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Preparing Today's Technicians for Tomorrow's Automobiles

Rich Cregar, an instructor in sustainable transportation technologies at Wake Technical Community College in Raleigh, North Carolina, explains why the automobile industry and all its related businesses must evolve to match changing technologies.

Ed. Note: Champions of Change is a weekly initiative to highlight Americans who are making an impact in their communities and helping our country rise to meet the many challenges of the 21st century.

Scott Samuelson

For better or worse, the American economy is tied to the automobile and even more to the concept of personal transport. While at first the automobile was only a plaything for the rich, industrial pioneers such as Henry Ford and William Durant developed manufacturing systems which made the automobile affordable for millions of Americans. They also created the American Middle Class with an industrial model that brought wealth and freedom to more people than any previous economic system in human history.

However, for any technology to remain successful, for any business model to remain successful, it must evolve and adapt to macro changes; changes in energy supply, changes in our environment, changes in our demographics and our economy.

The automobile business as we know it must evolve. Drive down any main street in America and inventory the businesses that are tied to the automobile: new car dealerships, used car dealers, independent repair shops, national service franchises, tire retailers, gas stations, car washes and detailers. Don’t forget the associated businesses that are supported by the sales, financing, fueling, repair and maintenance of this ubiquitous product. It is one of the pillars of our economy. Yet the automobile must evolve. At Wake Tech and now as a Champion For Change, my focus is the automotive service sector and the recruitment, training and professional development of the automotive technician. “Make It In America” requires a highly trained and well paid service sector!

The fossil-fueled internal combustion engine is over 130 years old, and its time has passed. Although we will still rely on this engine for some time to come, we must quickly move from petroleum and transition to fuels that are either renewable (Biofuels) or feature reduced carbon content (Natural Gas & Propane).

In the long run, we must move away from reciprocating technology altogether and embrace a device that is more efficient than the internal combustion engine by a factor of three: the Alternating Current Electric Motor!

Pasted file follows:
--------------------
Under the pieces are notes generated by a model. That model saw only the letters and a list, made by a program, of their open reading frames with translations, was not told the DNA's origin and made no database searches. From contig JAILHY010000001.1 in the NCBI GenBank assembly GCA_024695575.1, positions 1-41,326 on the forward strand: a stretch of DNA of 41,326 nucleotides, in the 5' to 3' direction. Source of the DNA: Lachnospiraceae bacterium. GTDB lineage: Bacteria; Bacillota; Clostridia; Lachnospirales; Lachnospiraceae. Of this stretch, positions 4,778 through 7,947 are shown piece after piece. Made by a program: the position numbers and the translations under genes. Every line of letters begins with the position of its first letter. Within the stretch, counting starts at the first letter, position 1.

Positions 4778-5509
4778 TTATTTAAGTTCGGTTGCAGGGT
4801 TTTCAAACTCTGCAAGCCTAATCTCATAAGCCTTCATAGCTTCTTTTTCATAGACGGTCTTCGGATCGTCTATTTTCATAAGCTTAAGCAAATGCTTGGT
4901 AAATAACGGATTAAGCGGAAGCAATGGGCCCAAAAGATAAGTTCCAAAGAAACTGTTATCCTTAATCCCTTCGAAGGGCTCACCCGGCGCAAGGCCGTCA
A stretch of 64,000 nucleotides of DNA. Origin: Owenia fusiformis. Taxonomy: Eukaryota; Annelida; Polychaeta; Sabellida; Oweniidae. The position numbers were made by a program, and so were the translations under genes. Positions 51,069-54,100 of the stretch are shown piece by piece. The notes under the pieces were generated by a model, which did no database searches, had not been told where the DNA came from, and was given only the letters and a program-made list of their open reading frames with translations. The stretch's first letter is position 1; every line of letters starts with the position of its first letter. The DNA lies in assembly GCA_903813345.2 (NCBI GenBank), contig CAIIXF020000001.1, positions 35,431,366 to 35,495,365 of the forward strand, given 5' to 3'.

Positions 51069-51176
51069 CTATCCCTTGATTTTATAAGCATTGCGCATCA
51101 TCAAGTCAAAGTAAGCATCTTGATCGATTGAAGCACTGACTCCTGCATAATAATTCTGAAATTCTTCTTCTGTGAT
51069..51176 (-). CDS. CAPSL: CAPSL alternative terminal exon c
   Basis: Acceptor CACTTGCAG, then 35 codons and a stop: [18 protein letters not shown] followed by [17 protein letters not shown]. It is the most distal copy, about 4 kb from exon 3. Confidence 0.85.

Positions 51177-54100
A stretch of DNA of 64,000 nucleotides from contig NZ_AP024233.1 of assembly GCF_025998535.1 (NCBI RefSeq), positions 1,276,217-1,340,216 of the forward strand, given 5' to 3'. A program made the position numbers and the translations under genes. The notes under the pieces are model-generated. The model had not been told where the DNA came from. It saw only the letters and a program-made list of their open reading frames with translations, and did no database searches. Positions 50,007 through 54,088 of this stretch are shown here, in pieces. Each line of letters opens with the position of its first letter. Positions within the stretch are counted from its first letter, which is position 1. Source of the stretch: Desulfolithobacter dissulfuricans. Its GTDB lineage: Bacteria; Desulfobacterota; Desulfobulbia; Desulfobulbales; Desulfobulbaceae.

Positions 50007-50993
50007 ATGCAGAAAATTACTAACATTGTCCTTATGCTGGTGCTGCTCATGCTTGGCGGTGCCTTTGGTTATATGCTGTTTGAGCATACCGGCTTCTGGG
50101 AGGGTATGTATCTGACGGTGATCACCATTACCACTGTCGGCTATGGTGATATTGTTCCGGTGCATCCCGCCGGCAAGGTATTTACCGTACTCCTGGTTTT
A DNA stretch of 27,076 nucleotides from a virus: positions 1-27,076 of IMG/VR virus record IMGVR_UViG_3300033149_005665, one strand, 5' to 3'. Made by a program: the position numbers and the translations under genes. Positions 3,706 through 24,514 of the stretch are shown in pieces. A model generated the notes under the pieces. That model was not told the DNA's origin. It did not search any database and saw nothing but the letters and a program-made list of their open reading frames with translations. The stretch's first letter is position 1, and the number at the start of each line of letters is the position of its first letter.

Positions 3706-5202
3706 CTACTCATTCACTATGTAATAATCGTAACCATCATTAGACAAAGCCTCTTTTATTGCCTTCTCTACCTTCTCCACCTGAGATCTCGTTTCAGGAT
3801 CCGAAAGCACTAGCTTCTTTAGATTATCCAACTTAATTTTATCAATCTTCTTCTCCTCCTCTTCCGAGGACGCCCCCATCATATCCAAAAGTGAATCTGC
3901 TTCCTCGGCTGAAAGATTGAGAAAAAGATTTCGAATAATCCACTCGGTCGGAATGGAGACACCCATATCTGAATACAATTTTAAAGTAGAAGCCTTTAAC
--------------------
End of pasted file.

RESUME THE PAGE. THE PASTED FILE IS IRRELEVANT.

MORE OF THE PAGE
After many false starts we have finally begun this process. Automotive, truck and equipment manufacturers are now building and selling a smorgasbord of clean and efficient power plants, fueled by sustainable energy sources, that will not only keep personal transportation viable, but will also transform the trucking and equipment sectors as well.

But like other systems in our new economy, the automobile has become very complex.

Engineers have moved from the mechanical systems developed in the last century to electronic and mecha-tronic systems that control the vehicle of today.

By and large our national corps of automotive technicians (763,000 according to the BLS) are competent servicing traditional mechanical systems. By and large they are not ready for the high technology vehicles that are flooding the market today. Only a small fraction of these technicians are able to handle complex diagnostic puzzles and electronic technology. Finally the technician corps is graying, so retirements are outpacing replacements.

As a Champion For Change, I am working with colleagues at Wake Tech to advance four strategies that address these issues. Reform in these areas is needed to assure the success of sustainable vehicles:

  1. The Issue of Technical Education must be addressed. Technical Education is carried out primarily by our nation’s community colleges and many private training businesses such as UTI, ITT and others. The curricula and teaching methodology in these programs must be updated for both technical content and the learning needs of the “millennials” who will populate these programs.
  2.  The issue of Professional Development must be addressed. Auto manufacturers must provide more technical training information to Community Colleges and the automotive aftermarket. This has been a controversial issue for decades, and it may be time for the Government to step in as the EPA has when the information affects vehicle emissions. The issue of professional certification should also be examined. Ours is one of only a few professions that operate without any government certification. A cosmetologist performing a manicure must satisfy more licensing standards than a technician working on a multi-thousand dollar vehicle.
  3. The issue of technician recruitment must be addressed. This will also require national awareness efforts directed toward groups such as the American School Counselor Association, Dept. of Education and the Dept. of Labor.
  4. The issue of technician pay must be addressed. Improving technician pay will require national resolve from organizations such as the National Auto Dealers Association, Technician Unions within and without the AFL-CIO and other representative groups.

I am excited about the opportunity to expand upon details of these four issues. I also look forward to discussion and guidance from other government and industry experts so that together we can assure the commercial success of sustainable transportation IN AMERICA!

Rich Cregar is an instructor in sustainable transportation technologies at Wake Technical Community College in Raleigh, North Carolina.